Physical activity provides a number of physical and psychological benefits to cancer survivors, including lessening the impact of detrimental cancer-related symptoms and treatment side effects (e.g., fatigue, nausea)and improving overall well-being and quality of life. The purpose of the present pilot study was to examine the physical and psychological benefits afforded by a seven-week Yoga program for cancer survivors within the framework of the theory of planned behavior. The Yoga program participants (M age=51.18 [10.33]; 92%female) included primarily breast cancer survivors, on average 55.95 (54.39) months post-diagnosis. Significant differences between the intervention group (n=20)and the control group (n=18) at post-intervention were seen in both psychosocial (i.e., global quality of life,stress, emotional function, emotional irritability, mood disturbance, tension, depression, anger, confusion) and physical (i.e., resting heart rate, cardiovascular endurance, cardiopulmonary arousal) variables (all p's<.05). There were also significant improvements(all p's<.05) in the program participants from pre- to post-intervention on a number of physical and psychosocial variables. These initial findings suggest that Yoga has significant potential and should be further explored as a beneficial physical activity option for cancer survivors. Future research might attempt to include a broader range of participants (e.g., other types of cancer diagnoses, more male subjects) in a randomized,controlled trial.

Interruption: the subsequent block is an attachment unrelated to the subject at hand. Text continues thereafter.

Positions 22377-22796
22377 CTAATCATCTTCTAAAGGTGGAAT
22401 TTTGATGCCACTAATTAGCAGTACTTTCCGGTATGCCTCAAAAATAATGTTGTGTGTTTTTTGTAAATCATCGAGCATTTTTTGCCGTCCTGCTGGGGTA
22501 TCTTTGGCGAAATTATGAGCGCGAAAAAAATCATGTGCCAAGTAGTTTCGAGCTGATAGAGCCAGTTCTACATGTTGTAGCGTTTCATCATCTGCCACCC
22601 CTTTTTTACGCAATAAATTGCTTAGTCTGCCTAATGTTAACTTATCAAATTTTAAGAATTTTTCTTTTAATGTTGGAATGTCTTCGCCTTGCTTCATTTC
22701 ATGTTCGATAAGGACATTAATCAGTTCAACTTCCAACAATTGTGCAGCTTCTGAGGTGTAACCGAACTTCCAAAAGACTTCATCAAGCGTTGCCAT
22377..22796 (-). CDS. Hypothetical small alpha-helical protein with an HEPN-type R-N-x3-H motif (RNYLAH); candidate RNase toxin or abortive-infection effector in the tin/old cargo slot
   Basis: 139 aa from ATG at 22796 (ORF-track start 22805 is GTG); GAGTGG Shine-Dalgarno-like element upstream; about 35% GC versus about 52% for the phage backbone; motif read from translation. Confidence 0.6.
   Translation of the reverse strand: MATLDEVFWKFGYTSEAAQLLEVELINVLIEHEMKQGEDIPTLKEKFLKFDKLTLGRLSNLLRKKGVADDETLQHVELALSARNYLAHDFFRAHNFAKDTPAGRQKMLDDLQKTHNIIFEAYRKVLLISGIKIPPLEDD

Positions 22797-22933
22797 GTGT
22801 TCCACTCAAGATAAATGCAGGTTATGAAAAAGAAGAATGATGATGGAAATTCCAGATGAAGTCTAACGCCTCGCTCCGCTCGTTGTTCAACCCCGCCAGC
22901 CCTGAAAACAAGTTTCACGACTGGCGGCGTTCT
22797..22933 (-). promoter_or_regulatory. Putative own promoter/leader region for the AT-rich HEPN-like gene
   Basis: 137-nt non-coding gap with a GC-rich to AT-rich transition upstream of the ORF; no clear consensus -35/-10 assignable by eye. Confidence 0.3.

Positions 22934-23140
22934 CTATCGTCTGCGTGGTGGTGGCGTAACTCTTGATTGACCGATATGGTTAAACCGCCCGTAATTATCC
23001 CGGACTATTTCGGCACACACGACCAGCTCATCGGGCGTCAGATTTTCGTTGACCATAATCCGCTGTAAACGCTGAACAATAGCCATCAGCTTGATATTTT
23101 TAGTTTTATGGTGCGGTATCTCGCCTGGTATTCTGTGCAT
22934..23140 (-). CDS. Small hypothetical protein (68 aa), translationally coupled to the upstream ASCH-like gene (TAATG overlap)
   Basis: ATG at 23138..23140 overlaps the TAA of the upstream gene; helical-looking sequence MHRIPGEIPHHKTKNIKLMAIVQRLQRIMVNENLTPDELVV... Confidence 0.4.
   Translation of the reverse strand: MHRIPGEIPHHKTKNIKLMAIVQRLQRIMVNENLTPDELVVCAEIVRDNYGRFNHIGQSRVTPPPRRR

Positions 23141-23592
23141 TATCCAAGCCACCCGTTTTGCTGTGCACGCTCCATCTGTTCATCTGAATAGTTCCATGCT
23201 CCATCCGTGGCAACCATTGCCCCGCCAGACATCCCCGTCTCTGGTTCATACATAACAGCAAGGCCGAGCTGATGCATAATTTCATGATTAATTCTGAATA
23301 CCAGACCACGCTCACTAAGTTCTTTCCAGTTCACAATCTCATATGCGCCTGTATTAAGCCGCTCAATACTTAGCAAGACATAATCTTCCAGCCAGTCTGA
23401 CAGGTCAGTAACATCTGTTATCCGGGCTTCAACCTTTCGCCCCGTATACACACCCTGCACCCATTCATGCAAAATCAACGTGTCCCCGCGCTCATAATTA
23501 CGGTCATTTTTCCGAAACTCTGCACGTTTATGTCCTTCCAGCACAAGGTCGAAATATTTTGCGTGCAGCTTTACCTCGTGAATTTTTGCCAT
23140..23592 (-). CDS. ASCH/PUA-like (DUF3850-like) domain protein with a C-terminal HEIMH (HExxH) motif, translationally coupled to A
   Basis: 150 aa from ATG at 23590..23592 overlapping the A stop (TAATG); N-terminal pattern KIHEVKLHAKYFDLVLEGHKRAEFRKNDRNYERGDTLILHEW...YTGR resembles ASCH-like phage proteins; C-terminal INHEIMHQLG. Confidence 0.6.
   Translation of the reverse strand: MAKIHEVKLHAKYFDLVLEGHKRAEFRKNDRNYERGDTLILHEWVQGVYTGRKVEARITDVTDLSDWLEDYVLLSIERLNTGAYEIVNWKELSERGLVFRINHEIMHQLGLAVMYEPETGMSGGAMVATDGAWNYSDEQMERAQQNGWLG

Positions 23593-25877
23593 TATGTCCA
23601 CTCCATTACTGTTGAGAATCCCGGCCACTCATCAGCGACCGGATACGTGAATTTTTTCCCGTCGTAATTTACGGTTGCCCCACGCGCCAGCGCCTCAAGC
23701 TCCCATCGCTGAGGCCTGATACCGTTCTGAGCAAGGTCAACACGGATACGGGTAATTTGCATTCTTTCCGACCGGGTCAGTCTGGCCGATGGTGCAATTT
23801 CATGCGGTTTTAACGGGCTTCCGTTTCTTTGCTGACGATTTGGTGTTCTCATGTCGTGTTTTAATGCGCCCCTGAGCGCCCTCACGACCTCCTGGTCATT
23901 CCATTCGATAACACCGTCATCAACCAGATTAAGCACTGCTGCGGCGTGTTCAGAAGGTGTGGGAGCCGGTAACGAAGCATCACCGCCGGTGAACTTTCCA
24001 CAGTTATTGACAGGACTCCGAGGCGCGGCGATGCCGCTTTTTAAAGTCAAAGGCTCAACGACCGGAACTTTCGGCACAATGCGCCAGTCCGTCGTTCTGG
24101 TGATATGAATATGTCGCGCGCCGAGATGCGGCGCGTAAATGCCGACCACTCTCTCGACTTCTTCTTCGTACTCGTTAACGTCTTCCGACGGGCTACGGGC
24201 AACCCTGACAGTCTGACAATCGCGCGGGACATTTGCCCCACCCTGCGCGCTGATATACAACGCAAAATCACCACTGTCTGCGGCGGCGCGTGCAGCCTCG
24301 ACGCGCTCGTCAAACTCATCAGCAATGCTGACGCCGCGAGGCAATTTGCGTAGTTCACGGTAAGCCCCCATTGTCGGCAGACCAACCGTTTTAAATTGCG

Discovering the Physical and Psychological Benefits of Yoga for Cancer Survivors
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S. Nicole Culos-Reed, Linda Carlson, Lisa Daroux, Susi Hately-Aldous; Discovering the Physical and Psychological Benefits of Yoga for Cancer Survivors. Int J Yoga Therap 1 January 2004; 14 (1): 45–52. doi: https://doi.org/10.17761/ijyt.14.1.b762r67612407556
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